37. Lueke, A., & Gibson, B. (2015). Mindfulness meditation reduces implicit age and race bias: the role of reduced automaticity of responding. Social Psychological and Personality Science, 6(3), 284–291. https://doi.org/10.1177/1948550614559651.

    Article  Google Scholar 

  38. Lueke, A., & Gibson, B. (2016). Brief mindfulness meditation reduces discrimination. Psychology of Consciousness: Theory, Research, And Practice, 3(1), 34–44. https://doi.org/10.1037/cns0000081.

    Article  Google Scholar 

  39. Makransky, J. (2007). Awakening through love: a Buddhist guide for unveiling deepest goodness. Boston: Wisdom Publishing.

    Google Scholar 

  40. Maoz, I. (2011). Contact in protracted asymmetrical conflict: twenty years of planned encounters between Israeli Jews and Palestinians. Journal of Peace Research, 48(1), 115–152.

    Article  Google Scholar 

  41. Nelson, D. W. (2009). Feeling good and open-minded: the impact of positive affect on cross cultural empathic responding. Journal Of Positive Psychology, 4(1), 53–63. https://doi.org/10.1080/17439760802357859.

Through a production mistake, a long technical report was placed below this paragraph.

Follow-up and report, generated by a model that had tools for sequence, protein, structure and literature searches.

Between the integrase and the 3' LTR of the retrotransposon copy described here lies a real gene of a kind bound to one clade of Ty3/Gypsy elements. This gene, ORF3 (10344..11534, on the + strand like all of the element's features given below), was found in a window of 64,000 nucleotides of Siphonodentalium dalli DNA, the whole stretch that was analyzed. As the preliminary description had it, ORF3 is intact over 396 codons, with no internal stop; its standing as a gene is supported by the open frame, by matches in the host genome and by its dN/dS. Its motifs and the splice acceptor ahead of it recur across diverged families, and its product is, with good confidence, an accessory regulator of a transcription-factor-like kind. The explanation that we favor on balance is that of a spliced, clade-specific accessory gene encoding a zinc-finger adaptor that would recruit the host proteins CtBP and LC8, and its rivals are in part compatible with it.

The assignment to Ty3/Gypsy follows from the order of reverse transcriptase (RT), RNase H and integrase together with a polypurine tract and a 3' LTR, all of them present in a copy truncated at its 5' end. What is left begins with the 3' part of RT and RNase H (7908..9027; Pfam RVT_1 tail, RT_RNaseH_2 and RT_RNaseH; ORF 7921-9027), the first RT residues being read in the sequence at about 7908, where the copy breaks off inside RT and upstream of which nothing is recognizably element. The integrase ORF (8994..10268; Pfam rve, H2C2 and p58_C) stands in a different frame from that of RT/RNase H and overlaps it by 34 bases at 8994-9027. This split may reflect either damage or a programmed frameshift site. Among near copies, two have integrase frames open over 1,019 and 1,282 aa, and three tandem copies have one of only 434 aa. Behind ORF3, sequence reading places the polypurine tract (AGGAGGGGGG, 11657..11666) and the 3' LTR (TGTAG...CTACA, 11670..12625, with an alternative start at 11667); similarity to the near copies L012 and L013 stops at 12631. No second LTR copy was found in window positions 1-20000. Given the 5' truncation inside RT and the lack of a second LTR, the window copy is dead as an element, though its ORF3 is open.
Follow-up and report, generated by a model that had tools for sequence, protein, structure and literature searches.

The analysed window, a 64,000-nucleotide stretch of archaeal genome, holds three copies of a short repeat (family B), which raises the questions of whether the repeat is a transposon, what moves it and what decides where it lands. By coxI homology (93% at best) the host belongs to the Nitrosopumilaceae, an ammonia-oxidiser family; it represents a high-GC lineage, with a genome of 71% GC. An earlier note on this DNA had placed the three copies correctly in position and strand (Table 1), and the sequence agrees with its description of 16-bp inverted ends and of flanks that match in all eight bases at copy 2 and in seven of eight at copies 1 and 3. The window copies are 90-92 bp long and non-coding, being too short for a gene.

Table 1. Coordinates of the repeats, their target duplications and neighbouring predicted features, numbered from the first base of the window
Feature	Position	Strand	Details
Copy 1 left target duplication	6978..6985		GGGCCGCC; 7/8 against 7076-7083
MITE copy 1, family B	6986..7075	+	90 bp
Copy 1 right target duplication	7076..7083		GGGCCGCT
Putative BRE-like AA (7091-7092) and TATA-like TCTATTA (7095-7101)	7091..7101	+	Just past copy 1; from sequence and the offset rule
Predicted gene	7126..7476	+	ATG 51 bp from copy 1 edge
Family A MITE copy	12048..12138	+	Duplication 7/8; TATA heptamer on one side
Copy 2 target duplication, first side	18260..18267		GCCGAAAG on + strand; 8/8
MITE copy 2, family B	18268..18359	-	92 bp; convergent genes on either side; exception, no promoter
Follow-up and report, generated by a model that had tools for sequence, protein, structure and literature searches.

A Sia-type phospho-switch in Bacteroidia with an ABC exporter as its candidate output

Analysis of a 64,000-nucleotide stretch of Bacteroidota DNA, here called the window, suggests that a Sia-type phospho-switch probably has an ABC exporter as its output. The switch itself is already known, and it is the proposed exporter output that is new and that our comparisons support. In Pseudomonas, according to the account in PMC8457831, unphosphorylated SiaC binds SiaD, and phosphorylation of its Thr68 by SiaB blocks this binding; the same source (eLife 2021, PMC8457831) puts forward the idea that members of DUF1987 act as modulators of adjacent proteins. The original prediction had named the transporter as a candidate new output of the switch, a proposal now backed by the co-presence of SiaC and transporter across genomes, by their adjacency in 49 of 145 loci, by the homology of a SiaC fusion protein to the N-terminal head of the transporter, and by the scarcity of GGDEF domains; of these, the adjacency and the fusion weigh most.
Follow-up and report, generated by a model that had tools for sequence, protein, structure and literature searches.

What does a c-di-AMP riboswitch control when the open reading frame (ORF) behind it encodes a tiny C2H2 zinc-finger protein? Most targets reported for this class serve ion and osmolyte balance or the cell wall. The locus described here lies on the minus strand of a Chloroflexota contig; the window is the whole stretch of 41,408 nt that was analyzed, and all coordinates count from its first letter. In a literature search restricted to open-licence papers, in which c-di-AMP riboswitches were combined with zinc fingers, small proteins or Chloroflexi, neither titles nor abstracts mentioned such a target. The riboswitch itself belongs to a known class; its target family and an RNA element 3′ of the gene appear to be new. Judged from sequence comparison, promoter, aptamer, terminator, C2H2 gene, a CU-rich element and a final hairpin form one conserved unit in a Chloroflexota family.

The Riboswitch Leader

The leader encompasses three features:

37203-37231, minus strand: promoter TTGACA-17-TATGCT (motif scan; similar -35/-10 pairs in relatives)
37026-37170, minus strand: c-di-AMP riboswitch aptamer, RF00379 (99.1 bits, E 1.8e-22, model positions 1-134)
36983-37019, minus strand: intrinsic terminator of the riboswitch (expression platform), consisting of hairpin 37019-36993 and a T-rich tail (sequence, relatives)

Article  Google Scholar 

  42. Parks, S., Birtel, M. D., & Crisp, R. J. (2014). Evidence that a brief meditation exercise can reduce prejudice toward homeless people. Social Psychology, 45(6), 458–465. https://doi.org/10.1027/1864-9335/a000212.

    Article  Google Scholar 

  43. Pettigrew, T., & Tropp, L. (2008). How does intergroup contact reduce prejudice? Meta-analytic tests of three mediators. European Journal of Social Psychology, 38(6), 922–934. https://doi.org/10.1002/ejsp.504.

    Article  Google Scholar 

  44. Raabe, T., & Beelmann, A. (2011). Development of ethnic, racial, and national prejudice in childhood and adolescence: a multinational meta-analysis of age differences. Child Development, 82(6), 1715–1737. https://doi.org/10.1111/j.1467-8624.2011.01668.x.